(OLTP) of the relational databases. I might be wrong but a very complex model is usually either not large
or not shared
(high concurrency), or at the limit if it is inherently too complex AND large AND shared I'm affraid that no technology can help you, you reached a mathematically tough problems :)
Second, the architecture of an RDBMS engine allows much smarter concurrency control and caching policies then you can ever hope for in a middleware. Unless the middleware is part of the RDBMS itself, and this is only theoretically, because practically production sites making use of fancy middleware features of databases such as Oracle8i or Sybase12 are not quite there yet.
The bad solution is implementing transactional, concurrency control, and caching logic in the middleware. There's hardly a theoretical model for this yet, the middleware should take total control of the data for this to work (and why would you have a relational database then ??? ). Again, the database is going to enforce concurrency control, transactions and caching anyway, duplicating effort, and making you reinvent the wheel in the middleware.
The really good solution is to forget about entity beans. :) -- CostinCozianu
(1) I only mentioned EntityBean
s on this page as an option, not the final solution. In fact, the primary group I'm thinking of chose the singleton idea instead.
(2) This customer moved OFF of doing the SQL directly from the UI because the performance was not high enough. They are an extremely technically savvy group with a large group of very intelligent, highly motivated DBA's working closely with the object architects. In fact, the DBA's suggested moving this part off into the middleware.
(3) And yes, it is large (one of the largest brokerages in the world) and complex (portfolio and wealth management with all the financial analysis therein) and shared (but only part of it is shared - the rest isn't which led us to the above caching solution for the (mostly) non-shared part).
Yup, I have refactored/optimized similar systems, though I kept the cache local to the database as the network was okay and we used Sybase which has an excellent cache. -- rh
Well, this totally changes the problem. Because when I read Unfortunately, that means we now have a cache that can get out of sync with the database.
combined with the Entity Bean Option A, this leads me to believe you were talking about highly transactioned portions of the sdat model.
I guess it would be interesting if you could better pinpoint the essence of the problem. Just MessagingToUpdateDistributedCaches
in the general scenario won't work, for the reasons described above, but for some particular cases you might find reasonable solutions.
I don't know the exact details maybe I'd beter wait but I've seen cases when:
- A) The cache needs not be trasactionally consistent. For example in case of the Nasadaq quotes shown on internet, the fact that you see a price per share is informing. The more in sync with real time the better, but that doesn't mean you're actually gonna get it in a deal.
- B) The cache needs to be transactionally consistent. Just for the sake of example some pricing for products for an online shop. You have to have the actual price, but the prices are changed infrequently compared with the amount of transactions that use a specific price. Also, in this case a small amount of data compared with the size of the database.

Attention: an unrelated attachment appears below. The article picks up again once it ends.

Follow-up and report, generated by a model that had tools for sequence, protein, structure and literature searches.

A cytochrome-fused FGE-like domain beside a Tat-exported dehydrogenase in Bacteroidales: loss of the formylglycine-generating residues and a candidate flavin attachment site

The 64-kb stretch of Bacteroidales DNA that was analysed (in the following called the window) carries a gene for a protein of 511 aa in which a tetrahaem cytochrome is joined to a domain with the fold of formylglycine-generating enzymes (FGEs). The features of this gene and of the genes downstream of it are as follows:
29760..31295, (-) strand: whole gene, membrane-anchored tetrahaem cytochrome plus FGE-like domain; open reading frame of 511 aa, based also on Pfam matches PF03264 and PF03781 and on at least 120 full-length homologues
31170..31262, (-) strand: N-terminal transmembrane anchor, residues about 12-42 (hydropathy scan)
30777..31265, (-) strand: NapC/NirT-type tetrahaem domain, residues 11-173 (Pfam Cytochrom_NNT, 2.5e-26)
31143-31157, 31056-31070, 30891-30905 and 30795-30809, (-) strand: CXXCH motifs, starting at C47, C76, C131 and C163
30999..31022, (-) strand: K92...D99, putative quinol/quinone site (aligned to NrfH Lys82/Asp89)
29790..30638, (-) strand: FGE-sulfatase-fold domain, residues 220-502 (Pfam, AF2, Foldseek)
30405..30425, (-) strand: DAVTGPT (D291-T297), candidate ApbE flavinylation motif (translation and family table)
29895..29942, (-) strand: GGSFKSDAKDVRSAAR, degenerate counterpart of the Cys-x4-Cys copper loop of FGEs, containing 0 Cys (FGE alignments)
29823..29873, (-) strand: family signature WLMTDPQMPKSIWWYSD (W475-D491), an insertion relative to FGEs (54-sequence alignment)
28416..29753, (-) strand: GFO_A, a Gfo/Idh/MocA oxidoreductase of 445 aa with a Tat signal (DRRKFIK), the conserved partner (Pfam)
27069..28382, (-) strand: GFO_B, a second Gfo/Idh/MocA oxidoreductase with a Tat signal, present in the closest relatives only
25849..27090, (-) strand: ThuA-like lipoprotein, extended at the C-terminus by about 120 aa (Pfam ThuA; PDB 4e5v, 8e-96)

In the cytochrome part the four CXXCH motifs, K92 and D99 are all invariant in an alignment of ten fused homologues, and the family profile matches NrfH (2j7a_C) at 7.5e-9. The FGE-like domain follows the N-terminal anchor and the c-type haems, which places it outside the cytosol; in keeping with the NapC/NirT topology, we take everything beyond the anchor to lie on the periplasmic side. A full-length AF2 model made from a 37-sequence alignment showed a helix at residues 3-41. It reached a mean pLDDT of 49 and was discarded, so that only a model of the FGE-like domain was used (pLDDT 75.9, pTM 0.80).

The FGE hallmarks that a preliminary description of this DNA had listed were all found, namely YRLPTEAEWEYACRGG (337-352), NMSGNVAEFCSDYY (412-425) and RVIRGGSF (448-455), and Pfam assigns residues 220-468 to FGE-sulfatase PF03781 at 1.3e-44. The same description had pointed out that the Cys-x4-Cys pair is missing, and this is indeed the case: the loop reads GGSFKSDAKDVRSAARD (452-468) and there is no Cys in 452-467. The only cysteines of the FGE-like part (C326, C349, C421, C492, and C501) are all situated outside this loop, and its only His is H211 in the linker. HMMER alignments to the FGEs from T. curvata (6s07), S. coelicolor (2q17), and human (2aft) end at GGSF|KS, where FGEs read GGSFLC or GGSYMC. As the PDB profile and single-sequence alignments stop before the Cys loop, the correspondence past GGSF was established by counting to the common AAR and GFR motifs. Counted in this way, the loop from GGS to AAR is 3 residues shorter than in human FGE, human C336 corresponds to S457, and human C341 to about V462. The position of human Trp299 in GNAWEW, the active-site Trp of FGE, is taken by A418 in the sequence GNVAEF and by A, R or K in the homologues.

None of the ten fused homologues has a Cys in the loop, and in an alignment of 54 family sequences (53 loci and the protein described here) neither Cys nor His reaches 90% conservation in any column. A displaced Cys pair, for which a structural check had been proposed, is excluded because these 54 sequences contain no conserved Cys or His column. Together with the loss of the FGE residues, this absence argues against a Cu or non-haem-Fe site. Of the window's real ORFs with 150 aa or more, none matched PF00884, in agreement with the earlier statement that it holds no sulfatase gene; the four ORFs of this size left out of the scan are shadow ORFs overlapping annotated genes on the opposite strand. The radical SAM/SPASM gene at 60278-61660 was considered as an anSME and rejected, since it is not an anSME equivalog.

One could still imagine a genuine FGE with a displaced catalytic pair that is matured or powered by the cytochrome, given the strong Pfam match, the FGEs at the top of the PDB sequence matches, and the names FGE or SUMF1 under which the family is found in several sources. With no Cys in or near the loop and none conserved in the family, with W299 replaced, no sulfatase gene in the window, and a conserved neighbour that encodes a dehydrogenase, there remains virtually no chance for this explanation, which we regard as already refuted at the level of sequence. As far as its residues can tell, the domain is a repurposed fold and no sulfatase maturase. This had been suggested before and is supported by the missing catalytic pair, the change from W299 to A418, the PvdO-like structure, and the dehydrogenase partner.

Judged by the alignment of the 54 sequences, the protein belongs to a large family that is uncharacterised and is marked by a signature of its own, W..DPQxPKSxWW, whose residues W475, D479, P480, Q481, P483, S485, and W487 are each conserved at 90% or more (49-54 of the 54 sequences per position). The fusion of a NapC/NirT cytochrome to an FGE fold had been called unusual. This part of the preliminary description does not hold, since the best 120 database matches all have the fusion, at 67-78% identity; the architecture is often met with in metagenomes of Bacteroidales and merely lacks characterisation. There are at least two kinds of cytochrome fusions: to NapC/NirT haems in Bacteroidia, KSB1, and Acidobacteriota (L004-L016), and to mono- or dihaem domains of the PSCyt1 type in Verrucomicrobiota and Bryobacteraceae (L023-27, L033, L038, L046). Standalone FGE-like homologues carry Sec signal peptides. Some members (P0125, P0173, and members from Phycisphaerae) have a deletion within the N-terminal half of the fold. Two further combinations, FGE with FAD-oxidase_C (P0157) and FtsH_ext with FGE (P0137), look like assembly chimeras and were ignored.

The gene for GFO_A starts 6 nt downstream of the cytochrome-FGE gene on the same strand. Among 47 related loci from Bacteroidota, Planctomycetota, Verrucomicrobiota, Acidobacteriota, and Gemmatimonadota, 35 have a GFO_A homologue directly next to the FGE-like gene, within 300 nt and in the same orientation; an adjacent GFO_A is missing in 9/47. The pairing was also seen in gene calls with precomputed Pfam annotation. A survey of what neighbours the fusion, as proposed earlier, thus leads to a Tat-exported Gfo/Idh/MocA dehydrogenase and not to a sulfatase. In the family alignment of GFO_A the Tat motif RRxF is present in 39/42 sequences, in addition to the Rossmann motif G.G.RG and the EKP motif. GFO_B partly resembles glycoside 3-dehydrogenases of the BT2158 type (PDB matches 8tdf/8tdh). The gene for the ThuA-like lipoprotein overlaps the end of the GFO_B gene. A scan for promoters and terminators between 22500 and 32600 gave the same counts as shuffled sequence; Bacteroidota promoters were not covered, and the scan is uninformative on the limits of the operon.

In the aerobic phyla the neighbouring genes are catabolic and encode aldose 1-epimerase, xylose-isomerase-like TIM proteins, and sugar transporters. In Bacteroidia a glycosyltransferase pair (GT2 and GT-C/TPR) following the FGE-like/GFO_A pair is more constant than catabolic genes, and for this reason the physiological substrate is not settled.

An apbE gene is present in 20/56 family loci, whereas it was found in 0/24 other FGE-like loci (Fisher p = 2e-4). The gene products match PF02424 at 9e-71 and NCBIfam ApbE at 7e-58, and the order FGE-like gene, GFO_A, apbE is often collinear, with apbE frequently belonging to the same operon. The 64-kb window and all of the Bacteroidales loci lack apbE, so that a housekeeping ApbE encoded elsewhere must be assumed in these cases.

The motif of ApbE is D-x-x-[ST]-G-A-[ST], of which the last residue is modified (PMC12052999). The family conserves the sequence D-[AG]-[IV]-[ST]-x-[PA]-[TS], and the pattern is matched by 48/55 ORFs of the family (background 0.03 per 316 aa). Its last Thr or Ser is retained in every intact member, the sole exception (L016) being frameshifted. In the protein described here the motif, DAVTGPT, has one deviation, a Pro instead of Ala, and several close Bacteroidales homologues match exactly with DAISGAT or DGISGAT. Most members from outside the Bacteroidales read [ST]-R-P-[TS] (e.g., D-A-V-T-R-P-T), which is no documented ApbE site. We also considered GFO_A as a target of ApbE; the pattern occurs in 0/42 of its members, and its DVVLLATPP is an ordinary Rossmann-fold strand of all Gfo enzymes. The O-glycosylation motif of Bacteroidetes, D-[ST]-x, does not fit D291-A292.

So it all depends on many factors, and one very important thing is the database product. Some of them are able to stick some tables in the cache so that they don't get thrashed in the overall database page swapping, and you'll always get fast responses. Others have messaging facilities built-in, including for Java language, so you could invalidate the cache upon a trigger. General purpose solutions probably don't stand a chance to work. -- Costin
And I still wouldn't give up so easily on a SQL based approach, can you share with us some info like number of queries, volume of data (no. of rows and size), no. of table joins, queries per seconds? Tuning a complex database such as Oracle might yield improvements in one or two orders of magnitude sometimes. Of course there are also problems that are intractable just by database tuning, but I always hoped such problems are very rare. And it comes down to personal experiences in the end, and a little to personal bookshelves. -- CostinCozianu
Surely this is an anti-scalability pattern. The more caches you add the slower the whole thing gets. Still, is it fast enough? It would be nice to see some tests ramping up a server farm from 1 machine to 50 or so. Anyone got some spare machines lying around?
It is interesting that Microsoft has never used this technique in its shipped products and doesn't recommend trying it. IMDB got dropped. Also I read that Microsoft, when researching people who'd tried to build this kind of system, almost always ended up with a slower end result than just using SQL Server. They said that most programmers don't have the time or knowledge to develop caching to the same kind of speeds inside a RDBMS such as SQL Server.
Given the current pace of speed increases in Intel based hardware it may be worth just waiting and throw hardware at it :-)
Hi Kyle. We do what you describe in our system, and it works very well, though our data is not very complex. Our database is actually a hierarchical configuration registry, so it's easy to subscribe to the right granularity (e.g. "these keys" or "these subtrees"). Since people can subscribe to only what they're actually interested in, we include all information (actual new values, etc) in the notifications. We also send a single message containing a list of all the relevant changes that were made per transaction on the database, so that the subscribers can process them atomically.